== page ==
The total count of black hole mergers we know about today is ten. The recent addition of four black hole mergers which were previously not considered has been documented and accepted by the scientific community. Among the newly added black hole, mergers is a massive one which is much bigger than the Sun.
It is easier to understand the nature of these black hole mergers if we can establish patterns. In 2016, the first black hole merger was detected; this event was widely reported in scientific journals. It was a huge achievement in physics.
The Advanced Laser Interferometer Gravitational Wave Observatory (LIGO) was the first agency that observed the formation of black holes. To properly investigate this discovery, the reports from the LIGO observatory period were analyzed a second time to ensure the details were in order. The information from these reports led to the discovery of the last four black hole mergers.
On July 29, 2017, scientists witnessed one of the most significant black hole mergers. These mergers are measured based on their mass, distance from the earth and spin.
It remains the largest black hole merger to have been discovered. The combined mass is very large, and scientists have reported the black holes were spinning at their fastest speeds which are unlike other mergers they have identified.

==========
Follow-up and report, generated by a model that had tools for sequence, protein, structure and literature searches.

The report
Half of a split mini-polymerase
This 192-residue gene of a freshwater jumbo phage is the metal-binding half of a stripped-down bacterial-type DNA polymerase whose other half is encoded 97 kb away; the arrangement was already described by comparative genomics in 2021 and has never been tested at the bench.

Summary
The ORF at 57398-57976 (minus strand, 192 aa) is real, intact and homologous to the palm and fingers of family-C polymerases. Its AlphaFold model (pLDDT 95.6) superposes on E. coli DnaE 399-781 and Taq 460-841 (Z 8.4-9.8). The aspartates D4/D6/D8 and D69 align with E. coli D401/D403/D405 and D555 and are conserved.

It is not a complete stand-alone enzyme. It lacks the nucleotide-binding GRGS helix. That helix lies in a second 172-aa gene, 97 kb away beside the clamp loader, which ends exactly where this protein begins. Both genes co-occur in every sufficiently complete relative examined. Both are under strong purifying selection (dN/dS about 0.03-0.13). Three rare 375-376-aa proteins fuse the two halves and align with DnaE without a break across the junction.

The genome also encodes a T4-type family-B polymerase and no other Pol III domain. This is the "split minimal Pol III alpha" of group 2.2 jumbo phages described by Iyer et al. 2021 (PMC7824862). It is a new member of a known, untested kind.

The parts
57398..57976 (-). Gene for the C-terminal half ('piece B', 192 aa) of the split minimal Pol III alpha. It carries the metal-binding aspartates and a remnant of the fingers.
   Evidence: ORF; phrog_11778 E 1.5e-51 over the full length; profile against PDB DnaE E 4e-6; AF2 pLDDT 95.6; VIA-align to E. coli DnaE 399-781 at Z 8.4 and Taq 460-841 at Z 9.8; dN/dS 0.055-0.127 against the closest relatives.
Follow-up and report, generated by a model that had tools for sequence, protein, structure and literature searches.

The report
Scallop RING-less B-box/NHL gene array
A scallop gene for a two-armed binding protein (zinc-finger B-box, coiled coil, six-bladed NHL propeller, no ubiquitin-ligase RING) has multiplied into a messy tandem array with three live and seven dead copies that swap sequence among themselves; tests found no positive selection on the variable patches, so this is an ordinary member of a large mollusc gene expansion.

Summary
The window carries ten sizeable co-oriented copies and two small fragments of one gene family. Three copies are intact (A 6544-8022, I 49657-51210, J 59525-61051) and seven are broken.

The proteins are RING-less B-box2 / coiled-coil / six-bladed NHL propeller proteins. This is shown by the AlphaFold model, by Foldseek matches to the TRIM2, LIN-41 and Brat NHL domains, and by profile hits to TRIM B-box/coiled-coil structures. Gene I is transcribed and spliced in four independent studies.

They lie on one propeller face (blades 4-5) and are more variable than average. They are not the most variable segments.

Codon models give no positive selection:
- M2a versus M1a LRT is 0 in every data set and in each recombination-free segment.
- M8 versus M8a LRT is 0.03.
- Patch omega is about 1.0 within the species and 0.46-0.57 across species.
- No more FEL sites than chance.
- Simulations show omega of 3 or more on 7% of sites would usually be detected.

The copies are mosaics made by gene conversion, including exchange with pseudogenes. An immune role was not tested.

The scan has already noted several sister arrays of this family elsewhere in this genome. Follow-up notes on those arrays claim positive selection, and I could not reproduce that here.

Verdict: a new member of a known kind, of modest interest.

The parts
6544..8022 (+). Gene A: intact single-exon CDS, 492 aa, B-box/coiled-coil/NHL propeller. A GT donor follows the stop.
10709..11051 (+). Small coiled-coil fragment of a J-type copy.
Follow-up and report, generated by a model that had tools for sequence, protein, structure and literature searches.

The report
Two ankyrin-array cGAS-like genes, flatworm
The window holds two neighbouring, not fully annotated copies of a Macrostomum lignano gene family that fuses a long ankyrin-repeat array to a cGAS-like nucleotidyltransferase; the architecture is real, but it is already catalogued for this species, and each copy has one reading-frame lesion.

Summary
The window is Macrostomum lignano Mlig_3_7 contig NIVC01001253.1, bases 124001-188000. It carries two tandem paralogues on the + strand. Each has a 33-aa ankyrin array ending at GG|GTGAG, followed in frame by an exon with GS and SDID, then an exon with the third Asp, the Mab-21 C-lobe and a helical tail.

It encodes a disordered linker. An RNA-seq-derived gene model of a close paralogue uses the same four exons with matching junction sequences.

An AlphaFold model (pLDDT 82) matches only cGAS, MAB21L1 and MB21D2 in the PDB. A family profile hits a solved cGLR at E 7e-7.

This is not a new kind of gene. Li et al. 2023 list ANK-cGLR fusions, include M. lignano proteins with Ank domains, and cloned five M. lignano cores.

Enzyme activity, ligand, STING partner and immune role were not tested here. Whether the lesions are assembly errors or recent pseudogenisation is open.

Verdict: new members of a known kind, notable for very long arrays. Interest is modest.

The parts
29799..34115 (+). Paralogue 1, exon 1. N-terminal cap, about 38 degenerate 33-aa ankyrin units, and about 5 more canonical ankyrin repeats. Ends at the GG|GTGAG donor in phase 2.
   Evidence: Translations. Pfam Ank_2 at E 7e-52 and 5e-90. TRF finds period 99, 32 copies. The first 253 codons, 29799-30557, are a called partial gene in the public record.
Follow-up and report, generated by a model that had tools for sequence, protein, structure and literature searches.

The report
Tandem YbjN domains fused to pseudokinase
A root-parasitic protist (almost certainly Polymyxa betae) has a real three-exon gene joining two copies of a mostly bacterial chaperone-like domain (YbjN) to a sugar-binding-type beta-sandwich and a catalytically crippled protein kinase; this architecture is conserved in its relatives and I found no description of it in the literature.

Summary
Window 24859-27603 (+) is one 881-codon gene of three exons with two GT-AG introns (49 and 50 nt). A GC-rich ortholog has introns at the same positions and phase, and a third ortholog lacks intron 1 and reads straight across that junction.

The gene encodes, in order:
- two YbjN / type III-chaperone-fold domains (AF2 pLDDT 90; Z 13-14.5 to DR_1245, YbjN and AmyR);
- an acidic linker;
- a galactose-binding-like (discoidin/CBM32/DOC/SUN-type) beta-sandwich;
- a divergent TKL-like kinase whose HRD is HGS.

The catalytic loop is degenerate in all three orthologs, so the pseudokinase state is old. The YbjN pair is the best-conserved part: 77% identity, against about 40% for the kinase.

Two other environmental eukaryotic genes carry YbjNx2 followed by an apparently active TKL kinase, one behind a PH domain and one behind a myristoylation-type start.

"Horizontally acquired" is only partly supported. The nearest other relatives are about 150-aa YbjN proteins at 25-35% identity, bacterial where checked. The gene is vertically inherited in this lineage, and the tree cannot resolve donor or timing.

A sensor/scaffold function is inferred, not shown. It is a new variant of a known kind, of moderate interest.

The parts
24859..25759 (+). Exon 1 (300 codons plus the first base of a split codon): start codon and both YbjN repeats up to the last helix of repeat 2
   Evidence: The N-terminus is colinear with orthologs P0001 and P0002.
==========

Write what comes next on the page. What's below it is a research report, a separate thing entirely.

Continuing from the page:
It is also the most distant black hole merger at about nine billion light-years in space. According to LIGO, the components of the black hole during the merger were identified with the code blue, while code purple was presented for other black hole mergers. The continuous studies are now making it possible to determine a pattern characteristic of each black hole merger event.
The black hole merger events may have happened following the collapse of large stars such as the Type II supernova. According to scientific speculations, it is also proposed that the black hole merger events currently happening are secondary, in follow up to previous mergers of black holes. The need for larger samples of black holes will increase the chances of identifying particular subgroups of larger holes which had been formed earlier.
The larger black holes have a capacity to draw in all objects in and around its path. This means there are more chances of mergers with smaller black holes. However, such an event is yet to be witnessed and confirmed. The bigger black holes have characteristically shorter signals; this means the random noise them emit is notably shorter. Therefore, it is important to use the proper equipment to detect the size of merged objects.
On the other hand, it is also suggested that the events witnessed and reported by LIGO are mergers between neutron stars. These events lasted for remarkably longer periods, and the signals from the neutron start were weaker thus reducing the volume of space where these events can be detected.
Going forward, the scientists can continue to work with what they have at the moment. The massive black hole merger will be under observation to define patterns. If the patterns can be determined, it will be easier to determine the space where such events are likely to happen.